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Where Do Your Tax Dollars Go?

March 22, 2017

Thomas Jefferson said: “The foundation of democracy rests on the foundation of an educated electorate.” With that in mind, tax season is a great time to review how the federal government spends our tax dollars.

Total spending for the federal government in 2015 was $3.8 trillion. Granted, not all of this spending is funded through personal income taxes as some is funded through employment taxes, corporate taxes, fees, and borrowing. However, the percentage allocated to each spending category can be a good proxy for how our tax dollars are spent.

The largest spending category is Social Security, unemployment, and labor benefits. This accounts for $1.28 trillion, or roughly one-third of federal government spending, the bulk of which is paid out in the form of Social Security retirement and disability benefits.

The second largest spending category is Medicare and health spending. This category accounts for $1.05 trillion or approximately 27% of federal government spending. This category is dominated by Medicare payments and money that the federal government gives to the states to fund Medicaid programs.

Third on the list is military spending. The military receives $609 billion which represents 16% of the federal government’s spending. The vast majority of this is allocated to military personnel which pays the salaries and benefits of soldiers and their families.

The fourth largest spending category is interest on the national debt. In the current low interest rate environment this represents $229 billion, or 6% of spending. While this is somewhat distressing it is important to remember that the majority of the interest paid on the national debt is paid to, or for the benefit of, Americans. For example, it may be credited to an investment or pension account that will be used to fund the retirements of American workers or retirees.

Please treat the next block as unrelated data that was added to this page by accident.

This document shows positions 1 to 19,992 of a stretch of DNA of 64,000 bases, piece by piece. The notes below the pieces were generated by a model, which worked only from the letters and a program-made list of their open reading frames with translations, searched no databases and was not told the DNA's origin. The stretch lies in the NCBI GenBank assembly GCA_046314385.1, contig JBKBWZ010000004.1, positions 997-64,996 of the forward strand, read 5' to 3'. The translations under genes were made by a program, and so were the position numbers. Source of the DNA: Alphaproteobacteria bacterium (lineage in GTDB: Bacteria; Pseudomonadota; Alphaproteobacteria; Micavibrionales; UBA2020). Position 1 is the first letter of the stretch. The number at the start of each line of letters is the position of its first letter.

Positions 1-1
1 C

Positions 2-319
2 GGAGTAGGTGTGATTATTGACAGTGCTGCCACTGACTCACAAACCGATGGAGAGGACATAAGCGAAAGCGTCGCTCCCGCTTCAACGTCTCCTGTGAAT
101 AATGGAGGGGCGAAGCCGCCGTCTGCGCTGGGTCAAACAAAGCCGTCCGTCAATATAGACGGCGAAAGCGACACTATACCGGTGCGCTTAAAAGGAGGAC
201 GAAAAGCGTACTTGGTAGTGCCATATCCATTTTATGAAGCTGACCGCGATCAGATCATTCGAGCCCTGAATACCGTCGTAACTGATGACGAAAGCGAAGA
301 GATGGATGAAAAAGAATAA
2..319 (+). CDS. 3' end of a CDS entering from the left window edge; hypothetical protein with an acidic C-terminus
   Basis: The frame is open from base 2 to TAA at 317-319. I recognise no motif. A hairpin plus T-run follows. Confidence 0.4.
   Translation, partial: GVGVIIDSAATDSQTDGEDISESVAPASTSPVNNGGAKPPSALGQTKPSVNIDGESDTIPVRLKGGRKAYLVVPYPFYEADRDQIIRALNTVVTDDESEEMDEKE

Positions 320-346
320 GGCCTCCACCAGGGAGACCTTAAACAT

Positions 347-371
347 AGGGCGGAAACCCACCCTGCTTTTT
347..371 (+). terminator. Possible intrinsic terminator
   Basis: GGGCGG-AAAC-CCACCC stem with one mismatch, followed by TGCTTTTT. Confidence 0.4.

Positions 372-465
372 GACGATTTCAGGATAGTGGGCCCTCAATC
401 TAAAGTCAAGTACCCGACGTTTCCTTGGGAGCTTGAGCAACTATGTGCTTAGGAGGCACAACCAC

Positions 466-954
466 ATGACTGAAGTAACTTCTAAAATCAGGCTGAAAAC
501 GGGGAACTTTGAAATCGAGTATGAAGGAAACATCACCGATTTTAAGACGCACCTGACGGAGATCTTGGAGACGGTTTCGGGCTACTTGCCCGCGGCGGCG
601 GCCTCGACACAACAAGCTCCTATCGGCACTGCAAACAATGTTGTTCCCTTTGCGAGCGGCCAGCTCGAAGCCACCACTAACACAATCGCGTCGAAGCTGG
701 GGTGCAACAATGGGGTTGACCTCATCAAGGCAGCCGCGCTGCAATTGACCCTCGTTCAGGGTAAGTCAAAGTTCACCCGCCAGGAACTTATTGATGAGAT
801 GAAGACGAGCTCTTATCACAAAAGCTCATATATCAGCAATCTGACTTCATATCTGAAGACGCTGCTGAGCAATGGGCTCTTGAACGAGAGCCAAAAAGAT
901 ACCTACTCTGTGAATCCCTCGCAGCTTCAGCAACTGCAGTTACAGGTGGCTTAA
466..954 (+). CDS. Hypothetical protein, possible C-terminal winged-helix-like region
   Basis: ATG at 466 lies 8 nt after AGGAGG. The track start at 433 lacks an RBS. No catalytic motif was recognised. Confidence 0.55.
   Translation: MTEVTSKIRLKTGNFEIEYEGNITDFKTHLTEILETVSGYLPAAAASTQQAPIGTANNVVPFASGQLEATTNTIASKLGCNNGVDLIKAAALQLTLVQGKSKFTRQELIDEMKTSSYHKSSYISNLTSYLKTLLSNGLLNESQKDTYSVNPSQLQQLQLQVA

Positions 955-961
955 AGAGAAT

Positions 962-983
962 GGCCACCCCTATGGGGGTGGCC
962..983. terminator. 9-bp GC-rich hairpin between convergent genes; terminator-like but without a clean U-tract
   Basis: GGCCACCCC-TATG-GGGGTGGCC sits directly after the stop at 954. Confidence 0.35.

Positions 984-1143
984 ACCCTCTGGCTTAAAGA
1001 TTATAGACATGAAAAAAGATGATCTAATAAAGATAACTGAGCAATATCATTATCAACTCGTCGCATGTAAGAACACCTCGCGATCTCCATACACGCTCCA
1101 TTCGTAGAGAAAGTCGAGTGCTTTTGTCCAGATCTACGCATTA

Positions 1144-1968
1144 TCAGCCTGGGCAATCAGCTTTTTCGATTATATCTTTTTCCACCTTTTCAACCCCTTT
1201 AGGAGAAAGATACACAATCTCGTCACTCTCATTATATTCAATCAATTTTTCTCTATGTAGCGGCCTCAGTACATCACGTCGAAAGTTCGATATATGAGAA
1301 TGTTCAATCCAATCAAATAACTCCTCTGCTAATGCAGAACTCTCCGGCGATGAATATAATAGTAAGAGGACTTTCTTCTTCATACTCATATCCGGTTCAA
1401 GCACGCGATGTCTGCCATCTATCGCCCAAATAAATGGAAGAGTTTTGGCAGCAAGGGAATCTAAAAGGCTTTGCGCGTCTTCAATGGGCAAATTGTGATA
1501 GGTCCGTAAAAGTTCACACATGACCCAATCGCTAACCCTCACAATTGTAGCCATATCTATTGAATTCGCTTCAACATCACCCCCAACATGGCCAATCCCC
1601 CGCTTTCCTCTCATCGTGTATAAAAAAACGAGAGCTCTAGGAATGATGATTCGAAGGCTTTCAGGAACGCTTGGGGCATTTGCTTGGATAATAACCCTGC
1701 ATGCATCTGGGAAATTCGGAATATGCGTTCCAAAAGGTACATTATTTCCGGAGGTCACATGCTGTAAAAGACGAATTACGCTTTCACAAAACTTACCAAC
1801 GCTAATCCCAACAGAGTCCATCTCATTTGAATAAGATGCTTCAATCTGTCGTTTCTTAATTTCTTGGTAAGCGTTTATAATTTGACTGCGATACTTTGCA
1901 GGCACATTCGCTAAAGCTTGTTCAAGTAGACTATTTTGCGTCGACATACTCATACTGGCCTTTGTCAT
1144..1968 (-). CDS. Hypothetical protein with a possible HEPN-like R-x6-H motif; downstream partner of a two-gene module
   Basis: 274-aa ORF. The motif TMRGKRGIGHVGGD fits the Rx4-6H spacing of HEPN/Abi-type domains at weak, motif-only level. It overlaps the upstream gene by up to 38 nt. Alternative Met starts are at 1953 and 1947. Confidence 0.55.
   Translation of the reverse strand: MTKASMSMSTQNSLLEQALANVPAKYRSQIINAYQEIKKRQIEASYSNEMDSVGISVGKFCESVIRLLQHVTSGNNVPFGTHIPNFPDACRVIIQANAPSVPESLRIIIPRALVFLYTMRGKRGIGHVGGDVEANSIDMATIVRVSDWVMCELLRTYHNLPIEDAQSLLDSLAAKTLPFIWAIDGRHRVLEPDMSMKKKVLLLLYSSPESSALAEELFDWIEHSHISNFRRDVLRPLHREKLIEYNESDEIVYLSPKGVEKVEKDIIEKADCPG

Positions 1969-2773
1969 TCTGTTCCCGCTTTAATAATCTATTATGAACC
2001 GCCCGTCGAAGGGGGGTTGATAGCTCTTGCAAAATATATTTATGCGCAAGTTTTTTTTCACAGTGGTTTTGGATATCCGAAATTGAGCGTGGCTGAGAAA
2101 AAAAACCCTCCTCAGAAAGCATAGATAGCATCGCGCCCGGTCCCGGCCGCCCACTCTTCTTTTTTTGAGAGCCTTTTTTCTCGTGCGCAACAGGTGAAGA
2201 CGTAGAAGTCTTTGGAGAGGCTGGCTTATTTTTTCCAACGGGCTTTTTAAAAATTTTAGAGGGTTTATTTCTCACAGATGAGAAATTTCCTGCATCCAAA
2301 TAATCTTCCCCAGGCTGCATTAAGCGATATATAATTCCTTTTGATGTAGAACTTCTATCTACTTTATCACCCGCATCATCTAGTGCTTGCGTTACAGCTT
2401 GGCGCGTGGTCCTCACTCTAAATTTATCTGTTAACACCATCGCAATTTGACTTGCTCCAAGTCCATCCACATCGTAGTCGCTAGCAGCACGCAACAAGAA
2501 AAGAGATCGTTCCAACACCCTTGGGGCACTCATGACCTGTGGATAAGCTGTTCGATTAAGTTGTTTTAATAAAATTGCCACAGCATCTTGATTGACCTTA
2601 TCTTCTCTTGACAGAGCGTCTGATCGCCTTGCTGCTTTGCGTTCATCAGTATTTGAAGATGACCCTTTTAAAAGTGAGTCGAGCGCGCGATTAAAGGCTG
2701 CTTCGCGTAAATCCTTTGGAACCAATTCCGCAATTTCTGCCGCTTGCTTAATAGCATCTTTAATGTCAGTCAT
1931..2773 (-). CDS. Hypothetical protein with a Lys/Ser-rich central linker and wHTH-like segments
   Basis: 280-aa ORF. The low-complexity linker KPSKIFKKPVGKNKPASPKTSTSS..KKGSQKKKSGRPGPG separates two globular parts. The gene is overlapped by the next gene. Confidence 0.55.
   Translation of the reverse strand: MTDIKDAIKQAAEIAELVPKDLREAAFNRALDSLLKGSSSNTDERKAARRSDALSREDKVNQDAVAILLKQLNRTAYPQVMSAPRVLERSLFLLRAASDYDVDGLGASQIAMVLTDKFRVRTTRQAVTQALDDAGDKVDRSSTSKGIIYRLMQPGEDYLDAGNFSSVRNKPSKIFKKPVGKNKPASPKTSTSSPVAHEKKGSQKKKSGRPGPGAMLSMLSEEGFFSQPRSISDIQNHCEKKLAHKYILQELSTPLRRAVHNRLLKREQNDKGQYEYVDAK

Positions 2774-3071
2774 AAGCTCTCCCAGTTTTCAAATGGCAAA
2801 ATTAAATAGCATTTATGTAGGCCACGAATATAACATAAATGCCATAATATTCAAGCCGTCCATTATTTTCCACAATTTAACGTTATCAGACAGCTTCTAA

Adding the previous four categories shows that 82.5% of federal government spending is allocated to just three spending categories (Social Security, Medicare, and Military) as well as the interest on the national debt. This means that the remainder of federal government spending accounts for just 17.5% of the total, or $613 billion. That amount is allocated to eight additional categories. The breakdown is:

Veterans Benefits = $160 billion (4.2%)

Food and Agriculture = $136 billion (3.5%)

Education = $102 billion (2.7%)

Transportation = $85 billion (2.2%)

Housing and Community = $61 billion (1.6%)

International Affairs = $50 billion (1.3%)

Energy and Environment = $45 billion (1.2%)

Science = $30 billion (0.8%)

Naturally, a major concern is the changing demographics in the US. The two largest spending categories, Social Security and Medicare, are set to increase sharply as the average age of the population continues to increase. In addition, the interest paid on the national debt is also likely to increase as the nation continues to add to the debt year-after-year and interest rates have started to increase. What impact will this have on spending?

One option is the government can borrow more to make up the increased difference between spending and tax receipts. In that case we, as taxpayers, will get more than we are funding and push the bill off onto a future generation. The other option is to cut other spending categories to free up the money needed. However, just a 5% increase in Social Security, Medicare, and interest spending would require a 20% cut in the other categories to balance spending. Finally, the last option is to increase taxes to pay of the spending.

Clearly, none of these options are very desirable. The problem is the longer we wait to address this issue the more painful the required adjustments will be.